The first day of school is always exciting! It is when I am able to put a face to each name on my roster and begin to build relationships. However, this isn’t necessarily the case when teaching virtually. Not every student begins class on the same day and many do not feel comfortable showing their face, so it is important to become creative with lessons and build trust. One modicication I made in order to “see” students in my reading class was to ask students to submit a “selfie” that incorporated a portion of their face with the cover of a novel they were reading. An adjustment I made in a writing lesson was to have students use audio to give a verbal reflection—allowing me to at least hear my students, if I could not see them. These were very small changes, but it allowed me a quick glimpse—it was a starting place.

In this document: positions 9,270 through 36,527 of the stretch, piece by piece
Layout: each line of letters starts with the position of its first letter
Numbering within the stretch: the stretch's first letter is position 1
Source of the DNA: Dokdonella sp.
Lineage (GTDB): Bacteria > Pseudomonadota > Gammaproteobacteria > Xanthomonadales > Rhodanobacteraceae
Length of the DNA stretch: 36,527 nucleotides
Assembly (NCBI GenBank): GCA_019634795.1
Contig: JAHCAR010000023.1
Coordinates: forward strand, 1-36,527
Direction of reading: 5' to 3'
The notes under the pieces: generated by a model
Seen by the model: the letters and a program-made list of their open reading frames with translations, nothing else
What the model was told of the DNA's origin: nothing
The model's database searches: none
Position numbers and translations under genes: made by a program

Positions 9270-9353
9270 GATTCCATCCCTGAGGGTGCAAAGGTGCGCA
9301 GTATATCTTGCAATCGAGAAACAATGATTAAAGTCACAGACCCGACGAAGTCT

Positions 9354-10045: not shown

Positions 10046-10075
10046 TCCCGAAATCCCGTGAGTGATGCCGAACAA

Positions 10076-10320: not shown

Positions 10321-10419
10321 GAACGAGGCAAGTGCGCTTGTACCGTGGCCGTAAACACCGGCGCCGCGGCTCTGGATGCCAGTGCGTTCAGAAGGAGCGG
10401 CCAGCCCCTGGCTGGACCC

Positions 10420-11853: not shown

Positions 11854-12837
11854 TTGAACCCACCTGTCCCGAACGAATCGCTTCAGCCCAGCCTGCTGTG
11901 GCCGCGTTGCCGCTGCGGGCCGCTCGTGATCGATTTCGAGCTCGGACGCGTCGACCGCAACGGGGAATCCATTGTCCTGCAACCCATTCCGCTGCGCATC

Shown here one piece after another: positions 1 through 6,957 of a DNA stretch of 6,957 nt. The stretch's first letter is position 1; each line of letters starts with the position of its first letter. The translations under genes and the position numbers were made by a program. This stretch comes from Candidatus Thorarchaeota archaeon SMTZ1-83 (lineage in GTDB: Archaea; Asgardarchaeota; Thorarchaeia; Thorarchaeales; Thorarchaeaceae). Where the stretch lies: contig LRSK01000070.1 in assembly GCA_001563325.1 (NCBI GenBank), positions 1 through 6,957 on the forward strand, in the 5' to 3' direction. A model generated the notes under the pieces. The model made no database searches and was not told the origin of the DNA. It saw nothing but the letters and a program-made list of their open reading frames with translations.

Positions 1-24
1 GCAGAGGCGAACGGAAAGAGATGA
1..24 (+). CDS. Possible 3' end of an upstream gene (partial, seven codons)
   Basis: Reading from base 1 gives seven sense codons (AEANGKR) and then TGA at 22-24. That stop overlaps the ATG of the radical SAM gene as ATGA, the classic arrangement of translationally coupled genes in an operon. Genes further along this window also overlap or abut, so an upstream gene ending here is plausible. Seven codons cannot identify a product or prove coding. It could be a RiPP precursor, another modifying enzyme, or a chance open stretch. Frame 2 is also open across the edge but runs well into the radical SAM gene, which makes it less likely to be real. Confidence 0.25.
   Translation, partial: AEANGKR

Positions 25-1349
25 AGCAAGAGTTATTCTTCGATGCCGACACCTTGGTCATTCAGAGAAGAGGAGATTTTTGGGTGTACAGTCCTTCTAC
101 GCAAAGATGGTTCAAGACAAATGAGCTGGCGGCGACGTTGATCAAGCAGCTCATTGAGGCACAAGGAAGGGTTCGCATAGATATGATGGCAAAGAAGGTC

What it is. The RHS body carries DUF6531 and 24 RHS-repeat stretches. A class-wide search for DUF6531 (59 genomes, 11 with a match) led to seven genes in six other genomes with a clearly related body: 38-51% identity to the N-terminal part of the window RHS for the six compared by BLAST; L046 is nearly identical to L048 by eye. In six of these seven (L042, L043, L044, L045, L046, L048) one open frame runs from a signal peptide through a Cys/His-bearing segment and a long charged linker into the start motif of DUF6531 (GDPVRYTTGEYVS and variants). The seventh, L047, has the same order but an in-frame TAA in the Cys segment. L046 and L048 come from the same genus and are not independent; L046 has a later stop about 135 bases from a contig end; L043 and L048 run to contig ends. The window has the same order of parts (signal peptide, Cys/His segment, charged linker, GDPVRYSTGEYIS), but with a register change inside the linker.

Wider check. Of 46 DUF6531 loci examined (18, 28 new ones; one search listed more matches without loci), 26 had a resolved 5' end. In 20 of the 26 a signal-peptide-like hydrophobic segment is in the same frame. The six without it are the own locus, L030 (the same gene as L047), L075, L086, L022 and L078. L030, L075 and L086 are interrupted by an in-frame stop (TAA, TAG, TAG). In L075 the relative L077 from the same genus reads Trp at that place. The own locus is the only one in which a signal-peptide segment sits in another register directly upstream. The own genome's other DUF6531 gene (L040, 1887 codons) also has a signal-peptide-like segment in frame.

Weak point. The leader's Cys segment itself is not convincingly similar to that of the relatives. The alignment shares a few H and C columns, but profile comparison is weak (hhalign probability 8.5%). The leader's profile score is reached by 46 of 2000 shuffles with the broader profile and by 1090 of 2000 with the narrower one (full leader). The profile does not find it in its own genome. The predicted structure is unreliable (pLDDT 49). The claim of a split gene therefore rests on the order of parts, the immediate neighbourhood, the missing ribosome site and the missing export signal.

As the year continued, relationships grew through daily feedback, emails and phone calls; however, the most significant difference I saw was when CoVid-19 changed our world! I used the time for reflection and self-growth and revised my teaching even further. I took trainings that were offered, solicited the help of colleagues a bit more and found ways to personalize my lessons to allow student’s choice, time to reflect, and share more of themselves with me through “Motivational Monday” lessons. I scheduled individual and group Zoom sessions for students to work on assignments with me or with peers. I held daily Zoom check-ins with students who were struggling with motivation during the Stay At Home order. I began to see more faces and the trust began to build! CoVid-19 may have taken some opportunities away from us, but it allowed me the time to grow as an educator and it brought many of my students out from behind the computer screen and into a Zoom session!